The NSW government apparently won't immediately bow to the taxi industry's demands and restrict "ride-sharing" apps that allow anyone to transport people in their own cars for a fee, arguing how or if it regulates them will depend on what the service is called.
In a radio interview on Thursday evening, NSW Transport Minister and deputy Liberal Party leader Gladys Berejiklian was asked repeatedly about whether she would do anything to stop smartphone app Uber's new "low cost" public transportation service, which allows anyone over 24 years of age with a driver's licence and without a criminal history to ferry people with their own car.
You don't want to limit people's choice because at the end of the day it does come down to choice.NSW Transport Minister Gladys Berejiklian
The service is currently only available in Sydney, Brisbane and Melbourne to a select number of Uber users, but is expected to be rolled out to other users and cities soon.
The taxi industry is feeling threatened by Uber's new ride-sharing service. Photo: Ryan Osland
At first, Ms Berejiklian was reluctant to give a view about whether she would block the app's new feature. But she later said that it depended on what Uber called its service, and appeared to concede that as long as it didn't call itself a taxi service it could co-exist with regulated taxis.
"It depends what they're purporting to call themselves," she told 2GB's Ben Fordham. "They're not allowed to call themselves a taxi service, they're not allowed to call themselves certain categories of things."
When it was put to her that she couldn't do anything about it, she said: "Well, yeah. Although we don't support behaviour which is not in the customers' interest, which is not in the interests of existing regulations that exist. And [NSW Road and Maritime Services] is meeting with [the associated] parties.
NSW Transport Minister Gladys Berejiklian says she doesn't want to stop choice. Photo: Britta Campion
"Obviously we're able to, as we should, bring down the full weight of the law in terms of what you can call yourself."
Already some US states have banned or are attempting to ban similar offerings, which have been dubbed "ride-sharing" services. Some states like California, however, have allowed the apps, but only if they have public liability insurance of $US1 million.
Taxi or something else?
Although Uber uses the word "taxi" in the Australian version of its app to describe catching a traditional taxi service with it, it avoids the term when describing its ride-sharing service. Instead its tagline "Everyone's private driver" is used in promotion material and "low cost" in the app.
A spokesman for the Transport for NSW department said on Wednesday that NSW Roads and Maritime Services had requested a meeting with Uber's Sydney executives to discuss the company's low-cost service and was "looking forward" to its response.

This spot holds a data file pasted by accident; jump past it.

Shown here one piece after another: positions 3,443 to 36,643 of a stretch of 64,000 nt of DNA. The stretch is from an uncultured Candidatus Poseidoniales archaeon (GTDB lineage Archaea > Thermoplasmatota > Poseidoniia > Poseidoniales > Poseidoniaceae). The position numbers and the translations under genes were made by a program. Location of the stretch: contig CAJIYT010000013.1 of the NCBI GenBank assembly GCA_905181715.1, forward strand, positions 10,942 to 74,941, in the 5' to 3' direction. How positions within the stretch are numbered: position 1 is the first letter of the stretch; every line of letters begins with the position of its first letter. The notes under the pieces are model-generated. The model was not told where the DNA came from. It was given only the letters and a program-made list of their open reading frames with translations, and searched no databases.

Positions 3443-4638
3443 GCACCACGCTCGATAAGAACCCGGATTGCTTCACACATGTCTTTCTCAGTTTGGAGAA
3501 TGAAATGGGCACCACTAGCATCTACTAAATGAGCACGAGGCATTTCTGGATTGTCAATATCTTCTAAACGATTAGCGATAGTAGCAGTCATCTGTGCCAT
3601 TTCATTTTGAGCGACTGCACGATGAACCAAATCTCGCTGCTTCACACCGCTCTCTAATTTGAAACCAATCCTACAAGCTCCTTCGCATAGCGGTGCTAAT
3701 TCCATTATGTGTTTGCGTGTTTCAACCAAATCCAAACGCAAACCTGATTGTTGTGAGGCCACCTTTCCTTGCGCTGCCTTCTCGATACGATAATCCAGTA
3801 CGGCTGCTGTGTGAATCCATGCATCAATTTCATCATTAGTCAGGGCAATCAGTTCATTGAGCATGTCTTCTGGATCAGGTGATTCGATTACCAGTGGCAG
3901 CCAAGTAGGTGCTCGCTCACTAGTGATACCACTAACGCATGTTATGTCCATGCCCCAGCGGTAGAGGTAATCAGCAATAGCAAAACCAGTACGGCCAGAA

Uber Sydney general manager David Rohrsheim said on Thursday that Transport for NSW was aware of Uber's ride-sharing service. "We meet regularly and continue to have positive discussions with Transport NSW and the government about providing consumers with safe, reliable and more affordable transport options," Mr Rohrsheim said.
When the service became public knowledge he said that, with more options, Uber was a win for consumers and drivers.
A Transport for NSW spokesman, when questioned, assumed Uber was a taxi and hire car service.
"Taxis and hire cars operate under the Passenger Transport Act," the spokesman said.
"The act requires that taxi and hire car services are provided in a licensed taxi or hire car, by an appropriately accredited operator. The driver of the service must also be authorised by Roads and Maritime Services. RMS accredits operators and authorises drivers to ensure that taxi and hire car customers are safe. Likewise, RMS undertakes criminal and driving history checks on authorised drivers and applies stringent medical requirements."
'Can't always control' industry
Despite the view of Ms Berejiklian's department, she said the government couldn't always regulate new businesses.
"We can't always control what non-government entities do," she said, adding that she appreciated the concerns expressed by the NSW Taxi Council against Uber's initiative.
"I completely appreciate and understand the concerns expressed by the taxi industry and I'm saying, you know, that at the end of the day it's a vexed question. [But] you don't want to limit people's choice because at the end of the day it does come down to choice," Ms Berejiklian said, adding that her government had "been very vocal" about supporting Sydney taxi apps.
"We've got a really good working relationship with the taxi industry. That will be ongoing. But we also appreciate, you know, technology is driving real change out there in the market place."
Andrew Campbell, Sydney co-founder of rival taxi app GoCatch, which announced on Thursday that in the past year it had taken 500,000 taxi bookings through its app, said on Thursday night that he was surprised by Ms Berejiklian's views.
"That's really interesting," Mr Campbell said.
"It seems to be [a grey area] from the minister's comments today."
Mr Campbell said GoCatch was focused on connecting the public with taxi drivers for now, but said he had considered offering a ride-sharing service in recent weeks but decided against it.
"Our conclusion was that the existing taxi market was a very large market opportunity," he said.
Australian financial journalist and commentator for Fairfax, Michael Pascoe, said in an opinion piece following the release of the Uber service that the next step would be a test of the NSW government’s integrity. "Will the new Premier side with the consumer, competition, innovation and improved productivity – or the vested interests of the industry incumbents and the government’s own existing revenue streams?" he asked.